Why Pursue an M.A. in History of Christianity?
The History of Christianity program equips and mentors graduate students seeking general and advanced study in Christian History by providing training in historical research and writing, critical reading and analysis, historiography, foreign language study, faith integration, and vocation formation
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The History of Christianity program at Wheaton College provided opportunities to explore the richness and complexity of the history of the church.— Allison Brown M.A., '15, Writer and Editor, Museum of the Bible, Oklahoma City, OK.
Why Study History of Christianity at Wheaton?
Our program offers training in the discipline of Christian history by equipping students with a comprehensive knowledge of the Christian story across two millennia as it intersected with social, political, economic, racial, gender, and cultural factors in the context of global history. To that end, students will receive training in social history, historical theology, and the history of biblical interpretation.
Our program models and encourages methodologically sound integrative thinking for Christians in the field of history. Through mentoring as well as courses such as “Vocation Formation” and “Historiography,” graduate students will have opportunities to reflect, discern, and prepare for their calling. They will be encouraged and equipped to use their gifts as faithful scholars in a variety of contexts, whether for the academy, for the church, or for society. We believe that knowing Christian history is vital to the Christian faith and ministry.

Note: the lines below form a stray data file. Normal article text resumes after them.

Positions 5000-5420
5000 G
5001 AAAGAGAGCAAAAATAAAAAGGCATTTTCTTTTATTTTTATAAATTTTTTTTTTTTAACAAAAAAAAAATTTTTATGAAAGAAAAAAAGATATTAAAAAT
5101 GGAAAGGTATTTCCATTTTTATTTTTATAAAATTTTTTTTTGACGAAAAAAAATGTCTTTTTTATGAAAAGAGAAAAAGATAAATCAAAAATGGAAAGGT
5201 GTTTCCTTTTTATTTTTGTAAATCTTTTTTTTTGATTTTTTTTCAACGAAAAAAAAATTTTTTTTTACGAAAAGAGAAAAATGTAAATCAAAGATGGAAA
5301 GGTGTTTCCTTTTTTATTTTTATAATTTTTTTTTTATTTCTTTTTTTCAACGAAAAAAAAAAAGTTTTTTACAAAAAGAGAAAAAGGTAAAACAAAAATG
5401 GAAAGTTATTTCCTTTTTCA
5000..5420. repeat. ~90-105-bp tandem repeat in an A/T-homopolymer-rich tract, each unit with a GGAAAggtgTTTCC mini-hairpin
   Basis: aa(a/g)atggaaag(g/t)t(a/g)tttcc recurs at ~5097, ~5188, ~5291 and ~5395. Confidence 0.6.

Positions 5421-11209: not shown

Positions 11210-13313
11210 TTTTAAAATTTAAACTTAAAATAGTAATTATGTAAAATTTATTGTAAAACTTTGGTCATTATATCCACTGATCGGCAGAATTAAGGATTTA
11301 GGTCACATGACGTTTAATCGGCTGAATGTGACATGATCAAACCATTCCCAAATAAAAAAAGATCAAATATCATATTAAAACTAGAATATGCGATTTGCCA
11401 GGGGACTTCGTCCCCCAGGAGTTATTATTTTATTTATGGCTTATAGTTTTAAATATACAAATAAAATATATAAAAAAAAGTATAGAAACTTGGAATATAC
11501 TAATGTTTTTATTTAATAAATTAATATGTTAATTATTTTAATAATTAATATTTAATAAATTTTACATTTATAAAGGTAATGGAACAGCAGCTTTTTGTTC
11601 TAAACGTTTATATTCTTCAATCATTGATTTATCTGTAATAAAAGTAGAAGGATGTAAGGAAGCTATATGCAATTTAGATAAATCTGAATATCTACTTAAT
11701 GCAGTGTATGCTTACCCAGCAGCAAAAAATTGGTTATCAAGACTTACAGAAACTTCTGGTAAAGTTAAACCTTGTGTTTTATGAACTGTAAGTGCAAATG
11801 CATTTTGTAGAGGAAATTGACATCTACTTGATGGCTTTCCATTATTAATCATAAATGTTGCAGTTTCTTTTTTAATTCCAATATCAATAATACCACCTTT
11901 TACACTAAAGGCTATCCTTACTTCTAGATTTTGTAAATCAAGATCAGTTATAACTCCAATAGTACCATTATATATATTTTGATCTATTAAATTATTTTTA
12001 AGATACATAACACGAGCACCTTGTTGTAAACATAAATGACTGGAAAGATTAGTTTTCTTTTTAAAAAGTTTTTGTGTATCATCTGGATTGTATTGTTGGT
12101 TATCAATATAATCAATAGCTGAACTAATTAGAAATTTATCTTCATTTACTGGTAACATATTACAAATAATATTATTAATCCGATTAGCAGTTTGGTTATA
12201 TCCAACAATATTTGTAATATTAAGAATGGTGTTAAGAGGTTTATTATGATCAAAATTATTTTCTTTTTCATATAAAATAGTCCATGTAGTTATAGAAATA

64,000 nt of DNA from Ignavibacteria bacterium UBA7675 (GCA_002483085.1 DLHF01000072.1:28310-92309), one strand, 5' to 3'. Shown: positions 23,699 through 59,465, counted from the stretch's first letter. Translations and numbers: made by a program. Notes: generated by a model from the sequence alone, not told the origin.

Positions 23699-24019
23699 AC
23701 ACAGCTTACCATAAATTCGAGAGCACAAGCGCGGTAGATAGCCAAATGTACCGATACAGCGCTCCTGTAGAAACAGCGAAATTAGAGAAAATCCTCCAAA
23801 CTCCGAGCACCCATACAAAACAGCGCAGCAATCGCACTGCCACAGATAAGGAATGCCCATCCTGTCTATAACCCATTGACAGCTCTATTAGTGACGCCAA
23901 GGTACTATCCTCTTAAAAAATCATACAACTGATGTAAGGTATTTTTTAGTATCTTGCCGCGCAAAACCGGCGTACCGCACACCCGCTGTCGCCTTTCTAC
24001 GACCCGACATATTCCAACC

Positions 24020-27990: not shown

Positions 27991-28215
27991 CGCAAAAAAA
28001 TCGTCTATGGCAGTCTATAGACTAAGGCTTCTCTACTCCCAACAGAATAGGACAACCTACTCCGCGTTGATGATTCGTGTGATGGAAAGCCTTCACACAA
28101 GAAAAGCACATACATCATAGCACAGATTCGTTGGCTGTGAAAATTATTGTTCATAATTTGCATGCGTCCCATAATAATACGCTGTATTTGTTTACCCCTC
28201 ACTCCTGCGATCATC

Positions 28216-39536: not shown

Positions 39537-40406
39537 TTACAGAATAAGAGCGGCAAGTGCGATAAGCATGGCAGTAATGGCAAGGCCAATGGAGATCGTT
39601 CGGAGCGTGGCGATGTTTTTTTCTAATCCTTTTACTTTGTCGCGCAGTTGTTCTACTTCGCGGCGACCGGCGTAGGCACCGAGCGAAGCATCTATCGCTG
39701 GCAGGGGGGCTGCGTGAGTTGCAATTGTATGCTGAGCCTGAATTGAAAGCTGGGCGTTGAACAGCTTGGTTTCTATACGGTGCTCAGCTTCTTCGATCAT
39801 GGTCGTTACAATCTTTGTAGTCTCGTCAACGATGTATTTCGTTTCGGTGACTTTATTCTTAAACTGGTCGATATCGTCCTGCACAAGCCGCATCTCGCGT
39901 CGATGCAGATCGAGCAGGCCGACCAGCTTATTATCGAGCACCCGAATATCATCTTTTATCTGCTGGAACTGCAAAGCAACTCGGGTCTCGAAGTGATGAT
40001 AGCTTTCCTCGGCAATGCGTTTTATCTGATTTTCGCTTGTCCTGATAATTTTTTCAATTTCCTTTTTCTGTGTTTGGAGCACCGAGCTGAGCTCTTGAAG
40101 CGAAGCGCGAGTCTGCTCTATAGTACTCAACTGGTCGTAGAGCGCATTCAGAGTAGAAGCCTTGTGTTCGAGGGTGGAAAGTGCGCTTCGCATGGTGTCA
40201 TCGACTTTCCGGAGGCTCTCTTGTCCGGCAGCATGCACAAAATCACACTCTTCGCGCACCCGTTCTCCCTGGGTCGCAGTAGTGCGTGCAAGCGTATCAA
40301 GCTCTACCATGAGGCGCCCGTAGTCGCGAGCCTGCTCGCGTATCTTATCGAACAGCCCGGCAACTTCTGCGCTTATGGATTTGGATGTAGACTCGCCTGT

Though not required, interested students have the opportunity to select a concentration in one of the three periods of study: Early Christianity, Reformation Christianity, or Modern Christianity. For those in pursuit of doctoral studies, this option is highly recommended.
Explore the life and thought of the Christian church in its first seven centuries through the teaching, research, and publications of the Wheaton Center for Early Christian Studies.
Find detailed information such as course requirements, course descriptions, faculty information, and program overview for the M.A. in History of Christianity.
Bible and Theology (BITH) Grad Women's Fellowship
The BITH Grad Women’s Fellowship was started over a decade ago to provide a space for female graduate students in the department to meet together regularly throughout the year with female faculty, build relationships, provide support, and enjoy each other’s company. The group was started by Dr. Karen Jobes (Emeritus) and is led today by Dr. Jennifer Powell McNutt and Dr. Amy Peeler. Food, fellowship, and prayer are the focus of our time together. If you are a female bible and theology student in an M.A. or Ph.D. program, please join us!
Calvin Meets Voltaire
Based upon a decade of research on the sources at Geneva's Archives d'Etat and Bibliotheque de Geneve, Dr. Jennifer Powell Mcnutt provides the first comprehensive monograph devoted to Geneva's Enlightenment clergy.
The People's Book - The Reformation and the Bible
This collection of essays, edited by Dr. Jenniffer Powell McNutt and Dr. David Lauber, brings together the reflections of church historians and theologians on the nature of the Bible as "the people's book." With care and insight, they explore the complex role of the Bible in the Reformation.
The Slain God
Despite being a major site of friction between faith and modern thought, the relationship between anthropology and Christianity has never before been the subject of a book-length study. Dr. Timothy Larsen examines the point where doubt and faith collide with anthropological theory and evidence.
George MacDonald in the Age of the Incarnation - Tim Larsen, Ph.D.
Dr. Timothy Larson
Carolyn and Fred McManis Professor of Christian Thought
"George MacDonald in the Age of the Incarnation" (A three-part lecture.)
Watch the videos >
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